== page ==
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School Governors

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In England, Wales and Northern Ireland, there are around 370,000 people serving as school governors. Ever thought about joining them? Being a school governor isn’t a paid role, but is an opportunity to contribute to your local community. Here’s everything you need to know about this important role.


Who Can Be a Governor?

Anyone over the age of 18 can apply to be a school governor. Although it’s a common myth, you don’t have to be the parent of a child at the school, have been to the school yourself, or indeed have any other connection with the school. The minimum number of governors is nine and the maximum is twenty, made up of a mixture of staff, parents and other members of the community. Independent schools may also have governing bodies, but set their own rules about who sits on those bodies. You won’t be paid for your role as a governor, but might be able to claim expenses.


Duties of Governors

In schools with governors, the Headteacher still takes day to day control over the running of the school. The governors are there to look at the larger picture, think about whether the school is headed in the right direction, and to be there to challenge decisions made by the Head if necessary. Governors are involved in the recruitment and interviewing process for new senior members of staff, and setting performance targets. They manage the school’s budget and may deal directly with parents in resolving disputes or dealing with children who have been excluded. Depending on the type of school, governors might also get involved with setting the admissions criteria and deciding who should be offered places at the school. By law, governors must meet at least three times per year (once a term), but might decide to meet more frequently than that. A large, busy secondary school with lots going on will demand a higher time commitment than a tiny village school, so if you’re interested in getting involved, choose your school carefully. Governors usually sign up for a period of four years, but might stay on for longer than that if they are asked to do so, and happy to continue.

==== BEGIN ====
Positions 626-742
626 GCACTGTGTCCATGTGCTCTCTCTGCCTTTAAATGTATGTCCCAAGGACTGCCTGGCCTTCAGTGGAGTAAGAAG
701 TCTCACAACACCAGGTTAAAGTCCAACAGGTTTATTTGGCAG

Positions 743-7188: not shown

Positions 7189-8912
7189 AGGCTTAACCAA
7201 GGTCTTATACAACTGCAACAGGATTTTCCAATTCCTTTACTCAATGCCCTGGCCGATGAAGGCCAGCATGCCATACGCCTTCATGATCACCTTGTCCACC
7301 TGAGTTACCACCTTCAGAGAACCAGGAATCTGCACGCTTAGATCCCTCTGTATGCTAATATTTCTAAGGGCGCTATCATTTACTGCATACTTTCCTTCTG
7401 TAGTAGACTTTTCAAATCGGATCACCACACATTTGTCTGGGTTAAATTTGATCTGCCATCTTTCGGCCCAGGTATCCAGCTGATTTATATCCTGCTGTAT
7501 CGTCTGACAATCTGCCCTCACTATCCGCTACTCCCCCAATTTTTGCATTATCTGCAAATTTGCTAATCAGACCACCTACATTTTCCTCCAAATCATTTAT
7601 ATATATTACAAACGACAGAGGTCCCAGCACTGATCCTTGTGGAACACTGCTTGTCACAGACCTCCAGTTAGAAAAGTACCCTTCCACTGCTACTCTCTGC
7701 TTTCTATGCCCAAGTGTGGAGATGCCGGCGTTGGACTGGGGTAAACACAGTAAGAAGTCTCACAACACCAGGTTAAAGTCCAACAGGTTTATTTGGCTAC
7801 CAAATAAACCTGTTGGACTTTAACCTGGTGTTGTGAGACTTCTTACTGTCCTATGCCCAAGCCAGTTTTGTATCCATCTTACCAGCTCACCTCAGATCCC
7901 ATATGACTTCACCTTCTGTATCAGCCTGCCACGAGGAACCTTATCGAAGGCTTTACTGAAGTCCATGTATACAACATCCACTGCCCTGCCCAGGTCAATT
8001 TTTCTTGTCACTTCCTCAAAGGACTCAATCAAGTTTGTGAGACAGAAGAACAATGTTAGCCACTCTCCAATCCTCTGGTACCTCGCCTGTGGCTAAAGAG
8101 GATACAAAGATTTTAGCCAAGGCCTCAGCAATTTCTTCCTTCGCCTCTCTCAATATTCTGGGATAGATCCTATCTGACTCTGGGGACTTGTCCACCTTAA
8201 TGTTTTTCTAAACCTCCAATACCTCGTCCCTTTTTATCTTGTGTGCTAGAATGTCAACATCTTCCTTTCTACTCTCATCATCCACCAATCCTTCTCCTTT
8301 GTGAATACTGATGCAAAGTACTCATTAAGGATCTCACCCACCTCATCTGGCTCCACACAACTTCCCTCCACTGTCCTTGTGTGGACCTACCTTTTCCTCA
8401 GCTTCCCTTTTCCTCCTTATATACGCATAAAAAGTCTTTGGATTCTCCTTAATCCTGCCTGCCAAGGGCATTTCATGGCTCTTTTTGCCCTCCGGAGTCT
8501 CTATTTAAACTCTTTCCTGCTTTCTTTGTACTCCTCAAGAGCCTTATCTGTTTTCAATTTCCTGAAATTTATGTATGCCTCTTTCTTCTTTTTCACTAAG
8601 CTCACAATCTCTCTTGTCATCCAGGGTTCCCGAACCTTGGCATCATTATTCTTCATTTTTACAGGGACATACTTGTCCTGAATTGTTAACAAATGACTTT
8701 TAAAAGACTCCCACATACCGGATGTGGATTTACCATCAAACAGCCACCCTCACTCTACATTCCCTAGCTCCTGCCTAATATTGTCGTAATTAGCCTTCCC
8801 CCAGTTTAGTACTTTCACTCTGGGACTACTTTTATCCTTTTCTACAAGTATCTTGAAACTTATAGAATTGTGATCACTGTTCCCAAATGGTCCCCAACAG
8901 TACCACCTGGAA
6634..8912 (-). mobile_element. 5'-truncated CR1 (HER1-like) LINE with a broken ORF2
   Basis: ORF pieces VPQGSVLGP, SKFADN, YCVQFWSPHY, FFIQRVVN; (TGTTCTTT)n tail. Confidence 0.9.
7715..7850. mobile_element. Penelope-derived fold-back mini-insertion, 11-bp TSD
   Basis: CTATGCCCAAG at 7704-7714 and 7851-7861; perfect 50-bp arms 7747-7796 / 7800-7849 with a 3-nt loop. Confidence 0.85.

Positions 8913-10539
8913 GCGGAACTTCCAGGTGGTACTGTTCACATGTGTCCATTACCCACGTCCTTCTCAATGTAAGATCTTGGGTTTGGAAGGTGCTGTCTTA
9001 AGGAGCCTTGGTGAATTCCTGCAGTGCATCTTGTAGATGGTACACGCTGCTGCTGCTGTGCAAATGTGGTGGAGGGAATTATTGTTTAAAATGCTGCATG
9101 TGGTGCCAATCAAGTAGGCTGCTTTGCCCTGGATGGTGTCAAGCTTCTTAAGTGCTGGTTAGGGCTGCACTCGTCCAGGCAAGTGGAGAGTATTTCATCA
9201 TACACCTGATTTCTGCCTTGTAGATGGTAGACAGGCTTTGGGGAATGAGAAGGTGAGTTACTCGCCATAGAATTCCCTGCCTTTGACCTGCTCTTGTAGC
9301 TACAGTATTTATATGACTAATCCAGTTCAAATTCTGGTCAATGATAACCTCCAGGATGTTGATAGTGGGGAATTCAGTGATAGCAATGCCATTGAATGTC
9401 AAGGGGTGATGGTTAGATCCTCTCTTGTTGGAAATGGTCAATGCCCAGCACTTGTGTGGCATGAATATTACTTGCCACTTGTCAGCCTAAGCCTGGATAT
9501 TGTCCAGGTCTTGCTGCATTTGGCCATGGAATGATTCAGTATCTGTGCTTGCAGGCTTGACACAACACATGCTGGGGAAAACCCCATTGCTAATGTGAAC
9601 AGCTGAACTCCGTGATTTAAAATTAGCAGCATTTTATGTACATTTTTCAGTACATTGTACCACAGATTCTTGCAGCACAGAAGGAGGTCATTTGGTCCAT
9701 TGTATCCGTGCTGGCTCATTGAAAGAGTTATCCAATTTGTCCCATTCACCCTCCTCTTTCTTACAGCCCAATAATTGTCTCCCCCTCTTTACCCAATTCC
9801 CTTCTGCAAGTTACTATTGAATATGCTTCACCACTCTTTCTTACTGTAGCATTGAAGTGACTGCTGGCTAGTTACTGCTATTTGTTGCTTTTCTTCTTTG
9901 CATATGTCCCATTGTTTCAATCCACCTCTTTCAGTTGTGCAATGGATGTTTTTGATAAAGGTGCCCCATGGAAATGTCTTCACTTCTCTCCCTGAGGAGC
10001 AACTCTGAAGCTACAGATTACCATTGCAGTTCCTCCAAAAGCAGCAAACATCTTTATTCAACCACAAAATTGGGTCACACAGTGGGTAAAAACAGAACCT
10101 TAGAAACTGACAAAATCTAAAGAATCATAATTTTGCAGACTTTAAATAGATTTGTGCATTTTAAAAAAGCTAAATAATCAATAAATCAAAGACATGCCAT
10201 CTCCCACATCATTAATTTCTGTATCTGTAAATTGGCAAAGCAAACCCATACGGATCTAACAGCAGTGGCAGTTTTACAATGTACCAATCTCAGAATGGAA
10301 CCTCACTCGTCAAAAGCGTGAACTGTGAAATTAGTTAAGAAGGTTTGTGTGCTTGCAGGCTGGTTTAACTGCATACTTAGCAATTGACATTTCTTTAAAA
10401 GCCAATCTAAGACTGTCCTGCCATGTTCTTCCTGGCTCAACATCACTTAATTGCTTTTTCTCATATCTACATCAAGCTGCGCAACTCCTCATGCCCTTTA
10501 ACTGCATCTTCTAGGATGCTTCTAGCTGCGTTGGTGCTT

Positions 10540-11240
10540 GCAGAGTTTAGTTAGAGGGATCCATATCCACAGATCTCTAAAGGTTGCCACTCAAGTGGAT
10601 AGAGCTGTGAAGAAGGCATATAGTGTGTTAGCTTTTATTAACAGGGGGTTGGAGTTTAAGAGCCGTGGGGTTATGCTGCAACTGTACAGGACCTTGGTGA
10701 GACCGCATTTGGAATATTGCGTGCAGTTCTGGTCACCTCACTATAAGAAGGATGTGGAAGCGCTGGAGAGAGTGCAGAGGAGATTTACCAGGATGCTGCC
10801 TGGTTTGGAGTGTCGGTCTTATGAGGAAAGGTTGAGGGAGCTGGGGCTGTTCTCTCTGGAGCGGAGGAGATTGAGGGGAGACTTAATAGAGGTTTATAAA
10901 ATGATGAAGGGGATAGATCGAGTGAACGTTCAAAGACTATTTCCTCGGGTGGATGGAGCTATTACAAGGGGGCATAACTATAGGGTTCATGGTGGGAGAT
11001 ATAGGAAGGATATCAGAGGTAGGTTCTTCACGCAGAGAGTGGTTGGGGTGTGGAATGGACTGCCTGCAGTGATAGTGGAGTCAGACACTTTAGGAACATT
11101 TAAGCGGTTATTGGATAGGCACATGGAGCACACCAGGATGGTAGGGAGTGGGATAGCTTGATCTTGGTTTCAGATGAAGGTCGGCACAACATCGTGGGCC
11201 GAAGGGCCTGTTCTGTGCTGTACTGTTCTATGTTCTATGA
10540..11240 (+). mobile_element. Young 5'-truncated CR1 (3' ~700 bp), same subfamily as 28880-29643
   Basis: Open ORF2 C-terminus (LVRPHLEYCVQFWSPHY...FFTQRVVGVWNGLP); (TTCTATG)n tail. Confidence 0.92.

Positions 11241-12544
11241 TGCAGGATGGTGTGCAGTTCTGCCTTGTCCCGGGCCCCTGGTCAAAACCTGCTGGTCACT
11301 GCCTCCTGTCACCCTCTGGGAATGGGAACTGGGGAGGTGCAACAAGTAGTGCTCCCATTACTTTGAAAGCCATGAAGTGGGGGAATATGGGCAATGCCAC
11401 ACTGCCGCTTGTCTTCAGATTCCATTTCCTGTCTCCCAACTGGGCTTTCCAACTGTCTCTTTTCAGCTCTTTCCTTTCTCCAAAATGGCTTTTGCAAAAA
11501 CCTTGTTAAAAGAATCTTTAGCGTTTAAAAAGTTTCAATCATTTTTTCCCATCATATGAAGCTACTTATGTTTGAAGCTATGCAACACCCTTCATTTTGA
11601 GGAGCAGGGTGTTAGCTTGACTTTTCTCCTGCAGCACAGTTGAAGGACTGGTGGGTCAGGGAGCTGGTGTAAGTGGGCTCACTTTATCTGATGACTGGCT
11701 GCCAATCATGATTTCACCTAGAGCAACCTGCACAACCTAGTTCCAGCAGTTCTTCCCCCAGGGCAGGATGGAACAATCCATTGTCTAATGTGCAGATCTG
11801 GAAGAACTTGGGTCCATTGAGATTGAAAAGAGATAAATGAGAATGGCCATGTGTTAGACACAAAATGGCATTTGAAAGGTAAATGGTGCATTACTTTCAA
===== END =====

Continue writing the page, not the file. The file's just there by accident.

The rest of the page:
Checking On Governors

Any vacancy for school governors should be advertised, and should there be more applicants than vacancies, an election is held. Before starting work as a governor all applicants have to be DBS checked. This is a legal requirement for all types of schools, including independent schools. The school or Local Authority will be able to guide new governors through the DBS process, which involves first proving their identity by showing passports and other identity documents to the school, then submitting a form for police checking. People who have criminal convictions aren’t automatically banned from volunteering as a school governor in the future. Schools will look at any information given on a DBS form and decide on a case by case basis whether the person is a good fit for the governor role.